Read Bob Markham's research on Elizabeth Knipe Cobbold (1765 - 1824) in GeoSuffolk Notes no.70. Acila cobboldiae is one of the crag's more attractive and desirable fossils. Learn how this bivalve mollusc owes its name to Ipswich's pioneering palaeontologist who collected a rare specimen on her Holywells estate.
The 4th edition 2019 is available. Barry Hall tells us more about the Pliocene flora in this 60-page booklet. To order your copy, send a cheque for £6 made pyable to 'GeoSuffolk', to GeoSuffolk, c/o Ipswich Museum, High Street, Ipswich, IP1 3QH.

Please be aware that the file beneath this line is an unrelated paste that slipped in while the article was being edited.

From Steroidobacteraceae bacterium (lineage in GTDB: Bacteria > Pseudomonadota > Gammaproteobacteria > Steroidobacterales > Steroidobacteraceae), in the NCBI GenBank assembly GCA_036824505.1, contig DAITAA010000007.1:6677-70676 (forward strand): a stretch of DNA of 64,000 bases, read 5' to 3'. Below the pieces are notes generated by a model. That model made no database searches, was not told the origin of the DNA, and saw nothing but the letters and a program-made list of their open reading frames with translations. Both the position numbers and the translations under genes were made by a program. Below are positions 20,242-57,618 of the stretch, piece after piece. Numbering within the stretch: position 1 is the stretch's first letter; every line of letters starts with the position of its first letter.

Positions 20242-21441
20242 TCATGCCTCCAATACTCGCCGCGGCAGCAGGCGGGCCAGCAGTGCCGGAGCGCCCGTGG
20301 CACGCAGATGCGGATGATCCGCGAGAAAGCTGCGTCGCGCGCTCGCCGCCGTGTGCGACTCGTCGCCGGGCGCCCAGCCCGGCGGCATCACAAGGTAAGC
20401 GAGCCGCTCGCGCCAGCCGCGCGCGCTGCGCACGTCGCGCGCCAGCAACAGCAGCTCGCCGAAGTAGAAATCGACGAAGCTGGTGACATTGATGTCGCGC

Our Suffolk glacial deposits continue to yield many fine Jurassic fossils. This Camptonectes scallop shell was brought into Ipswich Museum for identification by GeoSuffolk on October 23rd. (The £coin is for scale!)
Suffolk Coast & Heaths AONB Work Party volunteers helped to weed and mulch the trees of the Pliocene Forest today. For these birches, this will be their 10th winter on site.